Sue Bird is making it official. Though she has said all signs point toward this season being her last, until Thursday she had yet to come out and say it to be true. Then the hashtag came: #TheFinalYear.
Bird announced on Twitter she is playing out the final months of her career after 21 seasons, all with the Seattle Storm. The team also issued a release with the news.
“I’ve decided this will be my final year,” she wrote. “I have loved every single minute, and still do, so gonna play my last year, just like this little girl played her first.”
The two photos show her being interviews by ESPN’s Holly Rowe after last year’s playoff game when the Seattle crowd poured down “one more year” chants amid a conversation with friend and Phoenix Mercury star Diana Taurasi. The second is of her as a child playing basketball.
Bird, 41, said she first really thought of retiring after last season, but the “one more year” chants swayed her to come back. She made the announcement in January and took a significant pay cut from the WNBA maximum to stay with the Storm and build out a quality team. Breanna Stewart and Jewell Loyd re-signed back in Seattle during free agency.
Sylvia Fowles and Briann January, who signed with the Storm in free agency, have also announced this will be their final years. Candace Parker, 36, said ahead of the season she is also mulling retirement. Bird’s final seasons will be shown in a documentary.
Bird’s legendary career
Bird spent her entire career with the Storm and is the only WNBA or NBA player to win a championship in each of three decades. She helped Seattle to the top in 2004, ’10 ,’18 and ’20.
The star passer continues to build on her WNBA assists record that is currently at 3,114 as of Thursday afternoon. That’s 514 more than Ticha Penicheiro (2,600) in second. Two more players join her in the top-five: Courtney Vandersloot (2,272) and Taurasi (2,099).
She is the only player to play at least 500 games (559, all of which she started) and ranks second in 3-pointers made (965), fourth in steals (700) and seventh in points (6,639).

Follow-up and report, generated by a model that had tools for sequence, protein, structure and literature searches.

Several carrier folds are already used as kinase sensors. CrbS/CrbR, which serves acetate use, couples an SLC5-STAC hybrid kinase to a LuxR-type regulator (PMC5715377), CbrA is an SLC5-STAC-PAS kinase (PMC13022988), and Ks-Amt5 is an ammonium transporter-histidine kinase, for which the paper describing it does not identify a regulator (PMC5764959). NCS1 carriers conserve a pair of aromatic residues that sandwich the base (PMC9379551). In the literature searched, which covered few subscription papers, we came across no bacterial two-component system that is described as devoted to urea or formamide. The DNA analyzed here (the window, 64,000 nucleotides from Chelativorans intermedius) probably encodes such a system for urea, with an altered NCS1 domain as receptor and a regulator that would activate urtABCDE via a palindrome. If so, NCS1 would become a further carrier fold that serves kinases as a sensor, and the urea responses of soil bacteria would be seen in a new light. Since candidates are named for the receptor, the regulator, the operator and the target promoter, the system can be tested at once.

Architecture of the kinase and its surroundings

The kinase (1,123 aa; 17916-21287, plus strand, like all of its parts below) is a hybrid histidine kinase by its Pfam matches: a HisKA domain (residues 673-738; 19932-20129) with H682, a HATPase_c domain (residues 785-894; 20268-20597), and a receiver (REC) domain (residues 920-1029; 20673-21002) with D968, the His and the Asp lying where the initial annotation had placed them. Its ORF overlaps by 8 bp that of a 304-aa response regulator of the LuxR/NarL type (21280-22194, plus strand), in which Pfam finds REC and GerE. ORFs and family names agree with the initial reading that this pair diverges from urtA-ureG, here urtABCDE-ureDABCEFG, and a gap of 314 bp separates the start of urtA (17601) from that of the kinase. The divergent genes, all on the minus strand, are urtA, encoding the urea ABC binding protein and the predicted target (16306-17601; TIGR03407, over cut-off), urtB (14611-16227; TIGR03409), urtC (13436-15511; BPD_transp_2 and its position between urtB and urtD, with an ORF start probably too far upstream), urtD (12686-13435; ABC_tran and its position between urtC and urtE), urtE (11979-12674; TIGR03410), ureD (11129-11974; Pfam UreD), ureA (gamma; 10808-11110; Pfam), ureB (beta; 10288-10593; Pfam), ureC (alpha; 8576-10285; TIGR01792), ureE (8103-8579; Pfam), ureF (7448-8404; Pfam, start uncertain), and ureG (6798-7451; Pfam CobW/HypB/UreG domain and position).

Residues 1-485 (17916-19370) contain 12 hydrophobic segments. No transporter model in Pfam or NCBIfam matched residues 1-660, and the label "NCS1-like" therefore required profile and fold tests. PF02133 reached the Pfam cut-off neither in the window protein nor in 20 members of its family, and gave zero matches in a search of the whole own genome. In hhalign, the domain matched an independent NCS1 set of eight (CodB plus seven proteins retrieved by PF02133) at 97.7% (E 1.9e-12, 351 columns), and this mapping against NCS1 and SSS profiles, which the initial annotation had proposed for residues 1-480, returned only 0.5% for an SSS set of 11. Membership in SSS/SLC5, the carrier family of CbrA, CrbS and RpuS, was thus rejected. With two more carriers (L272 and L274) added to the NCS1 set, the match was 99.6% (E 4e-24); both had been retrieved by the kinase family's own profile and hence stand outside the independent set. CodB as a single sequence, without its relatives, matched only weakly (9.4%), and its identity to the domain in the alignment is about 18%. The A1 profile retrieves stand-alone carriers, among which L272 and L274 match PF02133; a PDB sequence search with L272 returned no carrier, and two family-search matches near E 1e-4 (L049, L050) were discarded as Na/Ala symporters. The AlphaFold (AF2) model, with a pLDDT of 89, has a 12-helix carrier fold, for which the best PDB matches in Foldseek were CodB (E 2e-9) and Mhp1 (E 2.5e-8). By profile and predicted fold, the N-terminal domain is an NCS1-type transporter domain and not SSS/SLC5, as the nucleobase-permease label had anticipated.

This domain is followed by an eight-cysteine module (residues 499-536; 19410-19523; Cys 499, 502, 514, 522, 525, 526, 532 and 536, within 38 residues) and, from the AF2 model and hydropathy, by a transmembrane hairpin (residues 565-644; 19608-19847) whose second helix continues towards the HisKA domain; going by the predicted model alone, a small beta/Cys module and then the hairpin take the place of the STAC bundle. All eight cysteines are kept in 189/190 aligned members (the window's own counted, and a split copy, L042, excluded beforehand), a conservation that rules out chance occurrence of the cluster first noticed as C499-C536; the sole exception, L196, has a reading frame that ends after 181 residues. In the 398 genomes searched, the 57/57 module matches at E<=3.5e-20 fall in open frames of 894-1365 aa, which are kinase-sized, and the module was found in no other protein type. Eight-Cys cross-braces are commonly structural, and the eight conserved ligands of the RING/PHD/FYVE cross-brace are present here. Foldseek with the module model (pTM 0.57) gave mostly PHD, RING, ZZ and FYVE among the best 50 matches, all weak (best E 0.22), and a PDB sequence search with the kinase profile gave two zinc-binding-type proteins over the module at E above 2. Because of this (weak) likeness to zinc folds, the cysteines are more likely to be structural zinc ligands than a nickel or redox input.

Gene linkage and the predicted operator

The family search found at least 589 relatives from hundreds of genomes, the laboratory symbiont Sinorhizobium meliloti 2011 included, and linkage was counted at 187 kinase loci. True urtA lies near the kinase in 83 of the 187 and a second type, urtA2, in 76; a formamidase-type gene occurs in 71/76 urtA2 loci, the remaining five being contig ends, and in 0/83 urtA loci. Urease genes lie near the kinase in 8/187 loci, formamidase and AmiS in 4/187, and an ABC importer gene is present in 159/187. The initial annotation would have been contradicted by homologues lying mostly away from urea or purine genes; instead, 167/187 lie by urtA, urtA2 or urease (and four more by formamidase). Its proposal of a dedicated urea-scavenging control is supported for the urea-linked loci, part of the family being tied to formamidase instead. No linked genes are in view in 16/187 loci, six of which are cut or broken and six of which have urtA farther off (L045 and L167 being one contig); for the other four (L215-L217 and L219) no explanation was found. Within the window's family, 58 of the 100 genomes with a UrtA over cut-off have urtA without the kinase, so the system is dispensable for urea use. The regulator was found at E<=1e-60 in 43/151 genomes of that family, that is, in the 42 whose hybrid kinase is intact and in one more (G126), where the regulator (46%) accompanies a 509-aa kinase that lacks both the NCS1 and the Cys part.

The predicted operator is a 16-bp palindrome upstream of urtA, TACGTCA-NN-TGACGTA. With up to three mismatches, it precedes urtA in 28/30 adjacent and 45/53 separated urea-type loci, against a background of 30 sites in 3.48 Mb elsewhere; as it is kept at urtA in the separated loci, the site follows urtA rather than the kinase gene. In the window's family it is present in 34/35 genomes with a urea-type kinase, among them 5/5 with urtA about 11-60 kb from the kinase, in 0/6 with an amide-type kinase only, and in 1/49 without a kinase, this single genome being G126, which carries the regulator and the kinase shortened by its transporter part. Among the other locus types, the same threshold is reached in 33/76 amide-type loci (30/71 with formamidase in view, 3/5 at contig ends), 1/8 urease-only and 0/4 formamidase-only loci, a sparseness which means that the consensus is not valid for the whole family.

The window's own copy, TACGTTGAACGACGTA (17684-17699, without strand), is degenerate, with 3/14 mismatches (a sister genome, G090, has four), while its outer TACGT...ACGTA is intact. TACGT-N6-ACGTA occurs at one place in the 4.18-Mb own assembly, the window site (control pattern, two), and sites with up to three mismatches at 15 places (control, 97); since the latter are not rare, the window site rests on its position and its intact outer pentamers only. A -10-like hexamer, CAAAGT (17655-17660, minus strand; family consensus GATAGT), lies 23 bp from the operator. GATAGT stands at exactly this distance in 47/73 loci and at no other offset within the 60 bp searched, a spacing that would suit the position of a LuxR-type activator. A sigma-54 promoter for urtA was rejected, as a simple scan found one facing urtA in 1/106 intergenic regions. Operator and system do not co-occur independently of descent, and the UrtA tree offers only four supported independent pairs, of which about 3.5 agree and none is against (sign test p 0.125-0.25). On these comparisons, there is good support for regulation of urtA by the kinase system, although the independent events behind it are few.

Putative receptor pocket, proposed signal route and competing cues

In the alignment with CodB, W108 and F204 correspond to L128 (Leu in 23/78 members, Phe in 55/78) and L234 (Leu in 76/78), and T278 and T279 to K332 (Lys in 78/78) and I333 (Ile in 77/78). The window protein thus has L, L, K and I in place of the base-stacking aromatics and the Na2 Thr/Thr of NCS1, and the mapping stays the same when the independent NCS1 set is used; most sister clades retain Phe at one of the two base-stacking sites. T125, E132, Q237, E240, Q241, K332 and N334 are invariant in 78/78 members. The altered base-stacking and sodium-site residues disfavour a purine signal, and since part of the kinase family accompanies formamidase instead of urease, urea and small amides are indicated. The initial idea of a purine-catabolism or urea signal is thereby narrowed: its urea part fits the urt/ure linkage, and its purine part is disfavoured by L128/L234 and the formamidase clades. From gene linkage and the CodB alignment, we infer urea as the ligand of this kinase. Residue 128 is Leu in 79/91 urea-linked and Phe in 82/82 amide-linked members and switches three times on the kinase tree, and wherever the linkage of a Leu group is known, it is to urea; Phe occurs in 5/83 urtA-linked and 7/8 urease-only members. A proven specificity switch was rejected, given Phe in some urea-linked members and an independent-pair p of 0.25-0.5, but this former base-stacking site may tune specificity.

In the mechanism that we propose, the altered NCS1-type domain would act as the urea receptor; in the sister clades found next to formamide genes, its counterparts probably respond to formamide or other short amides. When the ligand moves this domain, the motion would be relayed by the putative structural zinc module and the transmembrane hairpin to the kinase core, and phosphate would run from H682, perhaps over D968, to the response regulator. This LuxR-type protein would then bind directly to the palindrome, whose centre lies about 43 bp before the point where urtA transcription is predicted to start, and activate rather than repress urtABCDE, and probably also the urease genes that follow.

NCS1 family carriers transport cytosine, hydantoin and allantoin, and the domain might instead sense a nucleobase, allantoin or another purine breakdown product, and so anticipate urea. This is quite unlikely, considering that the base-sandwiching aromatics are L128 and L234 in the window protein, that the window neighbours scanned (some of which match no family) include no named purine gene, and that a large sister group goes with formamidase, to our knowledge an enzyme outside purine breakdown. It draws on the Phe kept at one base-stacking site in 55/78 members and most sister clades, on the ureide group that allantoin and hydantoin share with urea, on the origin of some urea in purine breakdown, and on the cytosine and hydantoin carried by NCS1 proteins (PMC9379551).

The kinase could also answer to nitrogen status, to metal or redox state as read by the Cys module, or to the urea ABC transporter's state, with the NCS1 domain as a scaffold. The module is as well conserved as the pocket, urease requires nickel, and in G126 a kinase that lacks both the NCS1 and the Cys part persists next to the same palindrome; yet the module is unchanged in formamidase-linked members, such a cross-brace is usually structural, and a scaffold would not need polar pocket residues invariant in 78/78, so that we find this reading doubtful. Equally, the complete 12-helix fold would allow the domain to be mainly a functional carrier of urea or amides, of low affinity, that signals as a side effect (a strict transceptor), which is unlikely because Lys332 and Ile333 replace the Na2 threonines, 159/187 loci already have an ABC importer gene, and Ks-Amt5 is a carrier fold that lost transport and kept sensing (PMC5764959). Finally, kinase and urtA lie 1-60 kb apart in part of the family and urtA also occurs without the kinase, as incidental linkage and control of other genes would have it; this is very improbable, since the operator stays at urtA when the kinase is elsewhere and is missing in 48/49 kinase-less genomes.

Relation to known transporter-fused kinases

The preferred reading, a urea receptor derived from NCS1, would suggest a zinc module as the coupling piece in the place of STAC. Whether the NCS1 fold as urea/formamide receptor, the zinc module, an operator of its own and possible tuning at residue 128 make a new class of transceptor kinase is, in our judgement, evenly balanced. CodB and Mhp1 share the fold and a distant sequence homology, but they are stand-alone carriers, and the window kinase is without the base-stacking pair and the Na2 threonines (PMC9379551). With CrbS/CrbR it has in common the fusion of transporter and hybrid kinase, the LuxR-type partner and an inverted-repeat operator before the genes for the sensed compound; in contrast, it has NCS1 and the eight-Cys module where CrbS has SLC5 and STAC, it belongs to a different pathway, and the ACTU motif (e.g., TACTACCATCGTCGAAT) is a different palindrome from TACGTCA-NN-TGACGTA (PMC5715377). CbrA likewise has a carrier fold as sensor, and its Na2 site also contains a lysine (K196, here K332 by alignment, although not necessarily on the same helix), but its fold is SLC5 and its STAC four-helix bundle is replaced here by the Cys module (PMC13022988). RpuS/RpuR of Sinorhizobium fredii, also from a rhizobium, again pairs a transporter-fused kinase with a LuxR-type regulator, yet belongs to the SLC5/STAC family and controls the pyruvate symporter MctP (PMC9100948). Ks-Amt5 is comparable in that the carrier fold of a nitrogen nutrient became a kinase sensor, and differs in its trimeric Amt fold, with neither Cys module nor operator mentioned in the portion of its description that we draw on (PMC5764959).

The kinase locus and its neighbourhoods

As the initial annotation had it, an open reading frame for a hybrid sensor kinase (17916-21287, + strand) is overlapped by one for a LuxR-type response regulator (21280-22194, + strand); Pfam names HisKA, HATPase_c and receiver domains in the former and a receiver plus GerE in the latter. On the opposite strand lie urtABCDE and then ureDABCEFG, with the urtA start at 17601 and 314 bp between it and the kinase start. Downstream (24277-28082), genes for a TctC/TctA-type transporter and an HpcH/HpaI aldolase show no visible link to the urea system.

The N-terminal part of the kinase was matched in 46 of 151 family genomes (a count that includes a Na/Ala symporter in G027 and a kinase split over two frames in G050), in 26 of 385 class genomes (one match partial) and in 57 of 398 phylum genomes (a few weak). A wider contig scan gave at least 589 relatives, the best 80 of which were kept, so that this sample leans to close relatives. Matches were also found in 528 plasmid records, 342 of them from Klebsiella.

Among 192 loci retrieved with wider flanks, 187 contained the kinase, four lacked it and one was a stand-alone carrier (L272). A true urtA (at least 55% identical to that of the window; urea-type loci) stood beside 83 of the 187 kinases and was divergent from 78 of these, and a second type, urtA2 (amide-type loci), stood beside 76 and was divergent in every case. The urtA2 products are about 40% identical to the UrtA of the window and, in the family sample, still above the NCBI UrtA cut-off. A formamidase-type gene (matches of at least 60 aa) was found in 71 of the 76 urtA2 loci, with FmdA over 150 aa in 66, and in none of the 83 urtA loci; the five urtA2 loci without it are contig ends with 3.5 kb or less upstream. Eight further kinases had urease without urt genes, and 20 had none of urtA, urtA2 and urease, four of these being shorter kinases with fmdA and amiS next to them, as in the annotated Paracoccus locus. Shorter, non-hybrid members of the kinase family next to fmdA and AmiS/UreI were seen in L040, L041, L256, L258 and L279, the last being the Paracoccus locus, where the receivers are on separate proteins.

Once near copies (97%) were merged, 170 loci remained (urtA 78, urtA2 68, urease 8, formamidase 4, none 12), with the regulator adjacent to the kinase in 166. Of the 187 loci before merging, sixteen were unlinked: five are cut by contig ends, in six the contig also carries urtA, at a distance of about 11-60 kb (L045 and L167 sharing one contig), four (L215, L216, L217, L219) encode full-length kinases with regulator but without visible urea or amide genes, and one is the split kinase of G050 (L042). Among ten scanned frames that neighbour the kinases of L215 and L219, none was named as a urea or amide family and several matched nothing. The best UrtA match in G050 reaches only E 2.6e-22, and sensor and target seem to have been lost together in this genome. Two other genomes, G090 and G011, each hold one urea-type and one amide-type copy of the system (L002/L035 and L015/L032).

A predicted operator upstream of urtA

She has been a part of all but five of the league’s 26 seasons after Seattle drafted her No. 1 out of UConn in 2002. According to the team, she has scored or assisted on 27.5% of every basket scored in Storm franchise history. That includes the four seasons (2000, 2001, 2013 and 2019) in which she did not play. If including only games she played in, the mark jumps to 35.4%, per the team.
The Storm (9-5) are in Connecticut to play the Sun (Friday, 7 p.m. ET on CBS Sports Network). It’s where she became a two-time NCAA champion with the Huskies and earned National Player of the Year her senior year.
As a point guard with Team USA, she’s won five consecutive gold medals — a record for a player — as well as four World Cup golds and a bronze. The 10 medals are the most of any basketball player, men’s or women’s, around the globe and she’s one of 11 players ever to win Olympic gold, World Cup gold, a WNBA title and a NCAA title. She’s also won EuroLeague titles when she played in Russia.
What’s next for Sue Bird?
Bird launched TOGETHXR with Alex Morgan, Chloe Kim and Simone Manuel in March 2021 to focus attention on women’s sports and media. The company covers women’s sports in an effort to change the statistic that around 4% of all sports coverage goes toward women’s sports.
She could also get into broadcasting herself after the success of her “Manningcast” work at the 2022 women’s Final Four. She and Diana Taurasi hosted an alternative broadcast that proved to be a hit with clips of their antics floating around social media.
A life in social justice initiatives and work could also be on the table. Bird, a member of the WNBA Players Association executive board, has been a leader in the social justice initiatives both through the league and outside of it. She helped Raphael Warnock get elected to the Senate in Georgia in 2020.
Most immediately, Bird and two-time soccer World Cup winner Megan Rapinoe are planning a wedding. The two entered their engagement in October 2020 and Bird said recently it was hard to plan a wedding around the soccer schedule.